Create a Bedtime Routine

A 2015 study by the American Academy of Sleep Medicine found that children with a consistent bedtime routine get better sleep. They go to bed earlier, fall asleep faster, wake up less frequently throughout the night, and sleep longer overall.

So if you follow the same bedtime routine with your toddler all week (including weekends) you'll soon reap the benefits. A good starting point is getting into nightclothes, brushing their teeth, and 10 minutes reading stories or singing songs before the lights go out—at the same time every night.

After you say goodnight, don't linger. If your child gets used to falling asleep with you next to them, they will naturally want you there as soon as they arise. Cue the pitter-patter of tiny footsteps to your bed as soon as they wake. “Observe your child’s behavior at bedtime—do they know how to [fall asleep] without external support? Do they know how to stay calmly in bed, alone, for a reasonable amount of time until they fall asleep?” says Tenenbaum. Learning how to self-soothe at night will help them be more independent in the morning, too.

Provide a Self-Soothing Basket

When your child is older than 12 months, it can be helpful to keep a basket of suitable activities within reach of their crib or bed to keep them occupied while they learn to "rest awake" in bed in the mornings. “This can help them to move towards self-soothing more easily,” says Miss Megan.

A child might hum, coo, chatter, blow raspberries, and play happily and calmly to show that they can resist any separation anxiety from having you in another bed. “Self-soothing doesn’t include any crying at all,” Miss Megan adds. 

If your child won't stay in bed through the early morning hours, resist rewarding the behavior by allowing them to do highly stimulating, favorite activities. If you allow them access to the downstairs play area or a screen, your child will associate these fun activities with early rising, says Tenenbaum. 

Try an Age-Appropriate Alarm Clock

Putting a clock in your child’s room can help them learn when it’s okay to get out of bed in the morning. Lots of different gadgets are available, including toddler alarm clocks with pictures like a moon and stars for sleeping time and a sun for wake-up time.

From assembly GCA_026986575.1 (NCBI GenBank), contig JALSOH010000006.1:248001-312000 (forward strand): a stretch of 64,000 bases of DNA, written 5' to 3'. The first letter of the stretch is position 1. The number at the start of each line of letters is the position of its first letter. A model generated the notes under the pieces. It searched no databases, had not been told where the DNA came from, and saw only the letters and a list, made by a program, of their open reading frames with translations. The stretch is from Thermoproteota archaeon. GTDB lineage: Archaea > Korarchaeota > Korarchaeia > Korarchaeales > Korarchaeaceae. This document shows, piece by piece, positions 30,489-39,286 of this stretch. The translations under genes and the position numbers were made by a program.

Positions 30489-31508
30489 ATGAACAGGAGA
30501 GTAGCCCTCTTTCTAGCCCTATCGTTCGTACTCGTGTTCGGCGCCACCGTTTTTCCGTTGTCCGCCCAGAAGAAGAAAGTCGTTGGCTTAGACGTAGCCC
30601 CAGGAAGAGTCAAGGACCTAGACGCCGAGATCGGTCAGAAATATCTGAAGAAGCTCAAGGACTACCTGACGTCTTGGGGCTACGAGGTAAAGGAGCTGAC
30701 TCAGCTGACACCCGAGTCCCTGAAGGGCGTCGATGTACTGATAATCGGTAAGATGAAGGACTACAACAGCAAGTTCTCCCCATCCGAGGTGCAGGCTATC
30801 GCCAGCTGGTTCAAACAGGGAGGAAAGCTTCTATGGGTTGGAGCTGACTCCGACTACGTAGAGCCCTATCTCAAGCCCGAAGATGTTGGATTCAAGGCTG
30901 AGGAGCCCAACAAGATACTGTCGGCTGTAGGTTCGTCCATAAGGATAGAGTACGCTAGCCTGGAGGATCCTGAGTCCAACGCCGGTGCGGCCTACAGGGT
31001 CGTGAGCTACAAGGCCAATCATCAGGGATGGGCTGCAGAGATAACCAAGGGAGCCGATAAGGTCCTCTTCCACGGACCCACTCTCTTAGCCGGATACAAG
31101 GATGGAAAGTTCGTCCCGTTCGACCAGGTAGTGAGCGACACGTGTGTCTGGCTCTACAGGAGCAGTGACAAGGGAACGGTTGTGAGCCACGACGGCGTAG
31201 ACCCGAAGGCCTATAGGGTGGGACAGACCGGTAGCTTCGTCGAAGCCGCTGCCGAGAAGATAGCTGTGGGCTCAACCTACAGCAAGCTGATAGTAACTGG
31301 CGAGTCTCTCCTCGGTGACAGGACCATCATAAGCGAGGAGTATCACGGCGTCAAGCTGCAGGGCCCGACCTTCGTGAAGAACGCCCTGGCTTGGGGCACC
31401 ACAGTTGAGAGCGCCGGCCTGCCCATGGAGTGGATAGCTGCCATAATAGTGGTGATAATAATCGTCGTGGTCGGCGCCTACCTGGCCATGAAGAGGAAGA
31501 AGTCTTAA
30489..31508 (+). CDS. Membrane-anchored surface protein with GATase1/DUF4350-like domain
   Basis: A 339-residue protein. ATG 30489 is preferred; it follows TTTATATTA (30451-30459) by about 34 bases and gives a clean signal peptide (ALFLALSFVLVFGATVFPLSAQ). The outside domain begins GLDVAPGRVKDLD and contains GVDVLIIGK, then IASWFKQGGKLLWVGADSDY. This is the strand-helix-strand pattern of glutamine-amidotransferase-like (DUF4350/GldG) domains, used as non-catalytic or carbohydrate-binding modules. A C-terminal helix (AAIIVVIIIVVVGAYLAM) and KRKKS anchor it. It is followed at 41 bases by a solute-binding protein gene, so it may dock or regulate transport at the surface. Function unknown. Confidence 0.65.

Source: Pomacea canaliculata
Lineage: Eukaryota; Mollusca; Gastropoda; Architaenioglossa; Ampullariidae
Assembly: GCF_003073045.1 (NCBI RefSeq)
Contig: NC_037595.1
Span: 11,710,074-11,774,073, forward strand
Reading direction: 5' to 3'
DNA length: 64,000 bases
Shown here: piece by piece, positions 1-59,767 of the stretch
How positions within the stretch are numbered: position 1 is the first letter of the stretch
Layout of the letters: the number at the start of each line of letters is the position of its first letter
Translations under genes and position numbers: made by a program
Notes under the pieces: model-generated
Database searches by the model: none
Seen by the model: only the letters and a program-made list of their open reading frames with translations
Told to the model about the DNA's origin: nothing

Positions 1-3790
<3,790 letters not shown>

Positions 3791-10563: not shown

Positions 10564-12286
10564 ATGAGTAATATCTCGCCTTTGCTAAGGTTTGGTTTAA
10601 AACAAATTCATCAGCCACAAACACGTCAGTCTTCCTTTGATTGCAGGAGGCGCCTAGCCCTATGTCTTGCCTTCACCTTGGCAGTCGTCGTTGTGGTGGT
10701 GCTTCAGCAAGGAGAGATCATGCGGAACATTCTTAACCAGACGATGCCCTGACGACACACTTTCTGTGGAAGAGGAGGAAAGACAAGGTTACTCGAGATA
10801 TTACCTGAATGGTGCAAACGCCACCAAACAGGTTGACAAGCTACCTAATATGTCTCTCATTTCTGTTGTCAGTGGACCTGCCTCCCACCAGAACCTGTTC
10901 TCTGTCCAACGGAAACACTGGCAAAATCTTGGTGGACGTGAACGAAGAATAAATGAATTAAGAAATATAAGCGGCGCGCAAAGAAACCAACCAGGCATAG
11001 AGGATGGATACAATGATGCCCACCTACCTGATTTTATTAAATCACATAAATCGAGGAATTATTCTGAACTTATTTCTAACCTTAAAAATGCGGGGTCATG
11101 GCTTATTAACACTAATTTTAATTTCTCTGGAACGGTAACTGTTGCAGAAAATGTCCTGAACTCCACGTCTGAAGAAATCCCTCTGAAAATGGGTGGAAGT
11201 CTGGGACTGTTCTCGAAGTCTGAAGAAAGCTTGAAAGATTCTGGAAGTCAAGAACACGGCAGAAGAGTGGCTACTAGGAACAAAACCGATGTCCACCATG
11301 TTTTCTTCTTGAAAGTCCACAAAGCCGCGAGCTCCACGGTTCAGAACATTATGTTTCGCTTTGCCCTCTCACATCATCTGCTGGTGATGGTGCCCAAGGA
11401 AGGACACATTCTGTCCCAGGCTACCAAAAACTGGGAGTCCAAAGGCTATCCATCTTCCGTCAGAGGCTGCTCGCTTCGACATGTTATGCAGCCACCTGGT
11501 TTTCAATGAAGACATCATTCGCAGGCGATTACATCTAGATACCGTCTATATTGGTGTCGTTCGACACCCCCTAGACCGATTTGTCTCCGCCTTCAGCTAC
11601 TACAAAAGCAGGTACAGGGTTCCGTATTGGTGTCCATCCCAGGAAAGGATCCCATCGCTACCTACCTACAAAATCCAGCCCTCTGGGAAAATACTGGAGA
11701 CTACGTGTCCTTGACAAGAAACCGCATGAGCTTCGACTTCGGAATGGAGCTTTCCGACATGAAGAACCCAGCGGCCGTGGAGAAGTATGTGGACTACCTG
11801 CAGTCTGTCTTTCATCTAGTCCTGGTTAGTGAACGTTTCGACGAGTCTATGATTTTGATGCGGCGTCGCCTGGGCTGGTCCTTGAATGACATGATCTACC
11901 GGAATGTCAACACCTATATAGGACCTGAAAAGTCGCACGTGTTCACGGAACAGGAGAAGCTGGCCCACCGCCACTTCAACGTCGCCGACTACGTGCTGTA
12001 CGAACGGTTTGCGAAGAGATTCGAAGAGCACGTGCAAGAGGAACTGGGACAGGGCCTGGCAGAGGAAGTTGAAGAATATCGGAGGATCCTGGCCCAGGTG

Using a kid-friendly clock worked for Sam and her five-year-old son Carson, who had gotten into a habit of waking up at 5.30 a.m. "Our clock lets us personalize his sleep-wake routine, and it comes with a white noise option," says Sam, who lives in San Jose, Calif. "Even if he wakes up before the alarm, he's learned to stay in bed quietly until it goes off. Most of the time, he simply falls back asleep."

When to Consult Your Pediatrician

Waking up too early is one of the most common challenges parents of young children deal with, says Tenenbaum. If you're struggling to find a solution—or just need some additional support—don't hesitate to reach out to your pediatrician or a sleep consultant.

"Please don't forget that even though parents are looking for help because they feel exhausted, poor sleep significantly impacts many aspects of your child's life," warns Tenenbaum. Warning signs that your child's early rising habits are leading to a sleep deficit include moodiness, concentration problems at school, hyperactivity, and irritability.

"Seeking professional help will improve your child's health and family members' wellbeing overall," Tenenbaum says.

A Word From Verywell

It may feel like your kid will never wake up until a time that could be considered even remotely reasonable, but super-early risers usually outgrow this phase eventually. But that doesn't mean you shouldn't make improved sleep a goal. By making small tweaks to your child's daily schedule and developing predictable bedtime routines, you may be able to grab a little more precious shut-eye each morning. And don't forget that your pediatrician or sleep consultant is always there to help.

Was this page helpful?
3 Sources
Verywell Family uses only high-quality sources, including peer-reviewed studies, to support the facts within our articles. Read our editorial process to learn more about how we fact-check and keep our content accurate, reliable, and trustworthy.
  1. Healthychildren.org. Healthy Sleep Habits: How Many Hours Does Your Child Need? Last Updated Nov. 16, 2020.

  2. National Sleep Foundation. How Much Sleep Do Babies and Kids Need?

  3. Mindell J et al. Bedtime routines for young children: a dose-dependent association with sleep outcomes. Sleep. 2015 May. doi: 10.5665/sleep.4662